At the highest levels of government, however, I’d say that corruption is just as prevalent. The difference is that in the Philippines, it is expected that these officials are KURAKOT, but in the USA you will get in some kind of trouble if you get caught, because the expectation is that you are _not_ corrupt.

  6. Thundernut said,

    March 30, 2009 at 7:30 pm

    Am I glad we have Ramon and fatima153. Sorry, Isabella and Palaginghuli, but you seem to close your eyes to corruption happening in the honey-coated USA and the many mansions that now exhibit, for a very modest entrance fee, mementos that define fame and fortune from remote and recent past eras. It would be safe not to resort to generalizations, lest we offend those we least want to.

  7. fatima153 said,

    March 30, 2009 at 2:50 pm

    Palaginghuli: Spain had colonies among the US states and these are not poor or that corrupt. A principle of biology: Mammals (e.g. humans) are bigger and more successful in temperate climates, smaller and less successful in the tropics. Reptiles and amphibians are biggest and most successful in the tropics, and smaller/least successful in temperate zones. Since some temperate-climate mammals transplanted here (like some Chinos) became highly successful, climatic adaptation to the old country might become genetic for a few generations unless they intermarry with the local warm climate mammals. Culture is an adaptation to the climate.

    Tests have shown the human brain works best at a temperature of around 74 deg F. (hi-cool aircon). Ergo, the most successful in the Philippines would be the snakes, frogs, turtles, lizards and crocs if the humans didn’t kill off too many.

  8. Garganta Inflamada said,

    March 30, 2009 at 7:28 am

    Just saw MAMMA MIA film on cable. Wonderful, infectious, over-the-top musical. Am now a big ABBA fan. The Closing Credits beat that Balanga footage and dancing by a mile!!

  9. Ramon Lagtapon said,

    March 29, 2009 at 9:50 pm

    Being Catholic did not prevent Austria, France, Belgium, Italy, Luxembourg, Liechtenstein, Southern Germany, and Spain (yes, they caught up) from becoming rich countries. True, the Spaniards were not the best colonizers compared to, say, the British. But it doesn’t follow logically that all Catholic societies were like Spain. And as for weath, it is the Protestants themselves who are in fact more materialistic. Haven’t you ever heard of the Calvinist work ethic? By working hard and becoming rich, the Calvinists believed that they were being favored by God. On the other hand, until recently, Catholics were told that it didn’t matter whether you were materially poor in this world, because you would surely get your just reward in the afterlife. There was thus less incentive for poor Catholics to sacrifice and work hard to improve their lot. Of course, this has changed in the last 50 years or so.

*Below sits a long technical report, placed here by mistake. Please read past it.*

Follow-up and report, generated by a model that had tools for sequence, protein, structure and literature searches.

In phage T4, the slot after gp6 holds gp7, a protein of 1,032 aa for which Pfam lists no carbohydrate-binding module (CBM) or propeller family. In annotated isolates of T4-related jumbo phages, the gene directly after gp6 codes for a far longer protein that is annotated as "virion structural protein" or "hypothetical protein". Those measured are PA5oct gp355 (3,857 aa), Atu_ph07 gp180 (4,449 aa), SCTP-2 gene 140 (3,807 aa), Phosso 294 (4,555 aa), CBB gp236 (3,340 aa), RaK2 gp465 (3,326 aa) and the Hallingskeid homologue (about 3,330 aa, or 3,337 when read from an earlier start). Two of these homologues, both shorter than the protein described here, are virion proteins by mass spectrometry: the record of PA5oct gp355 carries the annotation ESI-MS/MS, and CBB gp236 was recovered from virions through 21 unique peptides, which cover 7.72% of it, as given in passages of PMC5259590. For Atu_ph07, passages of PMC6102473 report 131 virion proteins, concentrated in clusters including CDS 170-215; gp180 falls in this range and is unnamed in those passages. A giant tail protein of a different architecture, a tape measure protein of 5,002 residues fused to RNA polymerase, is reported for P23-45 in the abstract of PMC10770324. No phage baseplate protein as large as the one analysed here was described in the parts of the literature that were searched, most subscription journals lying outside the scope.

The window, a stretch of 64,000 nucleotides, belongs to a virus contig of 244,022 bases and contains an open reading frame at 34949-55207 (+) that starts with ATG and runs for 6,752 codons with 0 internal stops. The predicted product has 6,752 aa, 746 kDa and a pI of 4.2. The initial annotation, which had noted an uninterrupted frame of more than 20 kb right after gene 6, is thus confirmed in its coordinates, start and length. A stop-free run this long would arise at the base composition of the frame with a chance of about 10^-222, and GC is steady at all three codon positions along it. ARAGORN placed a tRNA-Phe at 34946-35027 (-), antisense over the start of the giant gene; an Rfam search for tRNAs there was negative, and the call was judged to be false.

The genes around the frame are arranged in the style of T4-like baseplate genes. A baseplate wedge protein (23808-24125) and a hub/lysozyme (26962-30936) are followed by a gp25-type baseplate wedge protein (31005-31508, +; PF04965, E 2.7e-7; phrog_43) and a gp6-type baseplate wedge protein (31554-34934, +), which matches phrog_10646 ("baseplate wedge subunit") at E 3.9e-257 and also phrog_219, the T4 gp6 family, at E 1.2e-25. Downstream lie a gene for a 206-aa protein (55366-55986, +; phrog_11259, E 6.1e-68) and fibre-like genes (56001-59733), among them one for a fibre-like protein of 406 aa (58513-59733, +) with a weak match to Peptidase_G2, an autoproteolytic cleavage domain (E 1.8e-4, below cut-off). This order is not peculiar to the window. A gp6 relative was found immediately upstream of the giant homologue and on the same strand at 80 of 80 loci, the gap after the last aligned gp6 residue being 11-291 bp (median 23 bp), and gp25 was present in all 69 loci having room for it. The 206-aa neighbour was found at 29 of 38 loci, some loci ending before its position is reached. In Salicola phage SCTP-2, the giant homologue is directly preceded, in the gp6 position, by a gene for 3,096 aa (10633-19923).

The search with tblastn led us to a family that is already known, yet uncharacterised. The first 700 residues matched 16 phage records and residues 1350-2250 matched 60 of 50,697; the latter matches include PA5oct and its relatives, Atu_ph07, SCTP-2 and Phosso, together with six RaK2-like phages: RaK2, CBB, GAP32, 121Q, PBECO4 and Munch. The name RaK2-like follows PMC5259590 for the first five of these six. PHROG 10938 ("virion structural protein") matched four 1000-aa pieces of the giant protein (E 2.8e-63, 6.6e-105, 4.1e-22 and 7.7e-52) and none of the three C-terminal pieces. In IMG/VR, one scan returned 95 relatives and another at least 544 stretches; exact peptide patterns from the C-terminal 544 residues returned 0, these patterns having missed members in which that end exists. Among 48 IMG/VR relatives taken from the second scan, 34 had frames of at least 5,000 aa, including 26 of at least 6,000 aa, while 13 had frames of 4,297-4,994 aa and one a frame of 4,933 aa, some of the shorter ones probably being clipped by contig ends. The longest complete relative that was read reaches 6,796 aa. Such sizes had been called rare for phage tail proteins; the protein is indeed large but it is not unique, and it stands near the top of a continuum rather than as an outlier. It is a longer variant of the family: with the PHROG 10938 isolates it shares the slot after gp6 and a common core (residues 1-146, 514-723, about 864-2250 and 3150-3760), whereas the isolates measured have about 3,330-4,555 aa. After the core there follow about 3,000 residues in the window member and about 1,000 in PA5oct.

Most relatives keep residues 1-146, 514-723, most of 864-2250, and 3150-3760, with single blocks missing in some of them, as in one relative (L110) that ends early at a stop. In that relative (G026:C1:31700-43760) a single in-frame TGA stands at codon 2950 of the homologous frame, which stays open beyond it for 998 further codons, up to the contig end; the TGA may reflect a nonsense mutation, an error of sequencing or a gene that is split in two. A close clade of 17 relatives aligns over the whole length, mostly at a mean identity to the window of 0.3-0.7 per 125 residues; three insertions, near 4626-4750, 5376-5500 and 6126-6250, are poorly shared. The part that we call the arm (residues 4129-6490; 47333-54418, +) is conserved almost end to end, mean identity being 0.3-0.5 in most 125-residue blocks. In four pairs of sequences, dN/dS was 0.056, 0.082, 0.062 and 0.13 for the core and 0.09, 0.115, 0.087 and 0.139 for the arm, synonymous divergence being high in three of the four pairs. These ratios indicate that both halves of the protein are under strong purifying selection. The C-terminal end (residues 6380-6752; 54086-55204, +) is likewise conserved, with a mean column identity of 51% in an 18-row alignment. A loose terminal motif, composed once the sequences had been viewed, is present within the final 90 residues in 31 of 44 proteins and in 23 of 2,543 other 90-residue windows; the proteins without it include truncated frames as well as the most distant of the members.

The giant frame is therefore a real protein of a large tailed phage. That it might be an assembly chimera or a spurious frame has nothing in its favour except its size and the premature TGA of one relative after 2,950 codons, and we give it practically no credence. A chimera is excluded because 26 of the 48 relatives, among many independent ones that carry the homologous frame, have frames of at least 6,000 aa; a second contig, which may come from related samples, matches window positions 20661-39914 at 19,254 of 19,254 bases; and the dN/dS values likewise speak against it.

10. isabella said,

    March 29, 2009 at 3:10 pm


    Amen,amen,amen to that!

  11. Palaginghuli said,

    March 29, 2009 at 5:57 am

    I am sorry to butt in, but the reasone Spanish influenced countries are corrupt is because the foundation is Catholic. The United States was built on Protestant principles. Wealth does not make a man. What does it matter that a man gains the whole world, and yet loses his soul? We come naked into the world, and we will leave naked. If one is given much, much will be accounted for when he dies. And one cannot boast that he/she did good works. (Galatians 2:16 – ..yet we know that a person is not justified by works of the law but through faith in Jesus Christ …..) So unfortunately for Grand Dowager Empress, not even 100 bishops can save her. Unless she repents, accepts Jesus Christ as her only way to heaven, she is bound for hell, and she cannot bribe God with her billions. This life will only be the only heaven she will experience. On the other hand if one is in Christ, even if he is the scum of the earh, this world will be the only hell he will experience. It surely will be a surprise to know who is in heaven or in hell in the end. So let us turn away from pursuit of wordliness, deny ourselves, and follow Him, Jesus Christ the King.

  12. Ramon Lagtapon said,

    March 27, 2009 at 2:29 pm

    Since many here understand/speak Spanish, here’s a 48-minute current affairs documentary about the Philippines from Spain’s RTVE:


  13. Toronto Gal said,

    March 24, 2009 at 1:20 am

    Check this out http://cocktales.ph/?p=1573